Thursday, July 1, 2010

Thinking of Her...

...when I see him  walking shyly to the wall where he is to meet his "class" and he looks so different from the rest of the kids that it reminds me that he is adopted...that he came from another woman's womb. She chose life....and I wish she could see this life and know that he is thriving. 

And I fight back tears because I am eternally grateful for partaking in the blessing of that life.

With our adoption (and I'm sure most all), the love of a biological child vs the love of an adopted child is the same.  So much so, that you do not see the difference in facial features or skin color or even the slightest pitch difference in a voice.  It all blends. 

Physical love just oozes and the family is stitched together in a beautiful quilt-like pattern.  You spread it out and see the big picture, the instant breathtaking view of beauty.  Only when you get down to look at each stitch and piece of cloth do you see the fine intricate details.

Stan has taken his first "class" and it was swimming lessons.  He did great!  We went from covering our eyes with one hand, our mouth with the other, and sinking "like a rock"...as he calls it...to using our hands and legs to help propel our body forward and stay afloat...if at least for a little bit. 

I home school.  We are blessed to be part of an awesome group, Ave Maria.  The groups is filled with 18 families that have the innocent and child-like abilities to include and oversee any physical differences.  The word adoption doesn't even come up.  To say that Stan is loved is another understatement.    He is adored and loved,  and I dearly love all of those families for that acceptance that they naturally shower upon us.

But this was his "first" class outside home school.  Below are some of the pictures of him trying ever-so-hard to stay afloat on his back.  I cannot share them with "her" so I will with you.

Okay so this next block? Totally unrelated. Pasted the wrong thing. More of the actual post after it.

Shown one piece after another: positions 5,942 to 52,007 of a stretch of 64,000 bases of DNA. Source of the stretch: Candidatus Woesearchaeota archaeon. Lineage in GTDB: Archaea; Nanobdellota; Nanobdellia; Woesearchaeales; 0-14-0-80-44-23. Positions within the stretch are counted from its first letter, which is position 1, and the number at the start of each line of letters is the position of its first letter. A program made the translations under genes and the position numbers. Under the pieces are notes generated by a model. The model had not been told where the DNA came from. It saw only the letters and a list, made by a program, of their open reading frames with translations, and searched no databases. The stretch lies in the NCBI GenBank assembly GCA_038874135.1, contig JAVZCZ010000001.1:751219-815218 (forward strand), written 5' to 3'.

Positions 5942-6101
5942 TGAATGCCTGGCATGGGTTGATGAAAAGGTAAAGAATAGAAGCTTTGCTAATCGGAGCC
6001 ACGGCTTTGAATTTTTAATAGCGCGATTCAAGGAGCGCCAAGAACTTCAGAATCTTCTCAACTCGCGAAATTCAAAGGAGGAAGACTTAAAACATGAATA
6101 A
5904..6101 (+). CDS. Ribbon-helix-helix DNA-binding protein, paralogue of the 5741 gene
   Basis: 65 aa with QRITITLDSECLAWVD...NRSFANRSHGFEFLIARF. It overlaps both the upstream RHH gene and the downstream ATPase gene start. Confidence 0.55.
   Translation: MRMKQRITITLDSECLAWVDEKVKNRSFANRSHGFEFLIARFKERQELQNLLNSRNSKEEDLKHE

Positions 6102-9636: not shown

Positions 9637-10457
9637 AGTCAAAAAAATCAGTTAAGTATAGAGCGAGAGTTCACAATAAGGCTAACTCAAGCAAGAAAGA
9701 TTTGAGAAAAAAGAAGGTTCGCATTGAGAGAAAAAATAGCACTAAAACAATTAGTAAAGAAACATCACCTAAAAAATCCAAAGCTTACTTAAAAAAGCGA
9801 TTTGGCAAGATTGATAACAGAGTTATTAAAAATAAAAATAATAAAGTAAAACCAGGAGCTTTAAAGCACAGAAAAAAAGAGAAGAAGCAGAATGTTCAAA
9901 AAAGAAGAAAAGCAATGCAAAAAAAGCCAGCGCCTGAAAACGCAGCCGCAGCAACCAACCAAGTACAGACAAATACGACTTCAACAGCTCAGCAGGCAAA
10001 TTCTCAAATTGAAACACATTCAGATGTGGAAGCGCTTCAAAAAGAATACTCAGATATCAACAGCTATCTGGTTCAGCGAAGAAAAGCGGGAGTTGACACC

I cannot help but wonder if God has another life out there for us...I would love to add another patch to the quilt.   At least for now, I will just snuggle up and enjoy the comfort of my quilt.

P.S.  Every year, I send back a year's worth of photos to Stan's foster parents in Seoul so that they, too, can see how well he is thriving.  I tell David, that some year, we will take him back for a visit to his homeland. 

7 comments:

  1. This is a beautiful post. My mother almost gave me up for adoption, but decided not to. Before she made her final decision I stayed with a foster family for the first 20 days of my life. I often wonder if my foster mother ever thinks of me.

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  2. hah! I DO love Stan! I think I will always remember him from coop, when he said "NO" so often, and so cutely! And when he and Peter Graham sat down to a pretend meal in the nursery, but said grace first - precious!

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  3. Maggie, be assured that she does still think of you! All beautiful thoughts :)

    Christine, I never heard that story about playing dinner and saying grace first. That is sweet! Thanks for sharing that!

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  4. I forget sometimes that our family looks different. Not too long ago I was at a hotel and a caucasian woman was eating with her two asian daughters. It grabbed my attention of course, because they were an adoptive family too, but what I realized a few minutes later is that is what I look like! I didn't even immediately make the connection that that is how we look to others - I just see my daughters (and my sons). God is good!

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  5. That is a wonderful post. He is one very blessed little boy!

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  6. Jen~ Yes! Now that you write that, we, too, have been in that situation.

    Mary~You are so kind. We like to think that we are the blessed ones :) Thank you for your kind words.

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  7. What a beautiful post - brought tears to my eyes. Your little boy is gorgeous.

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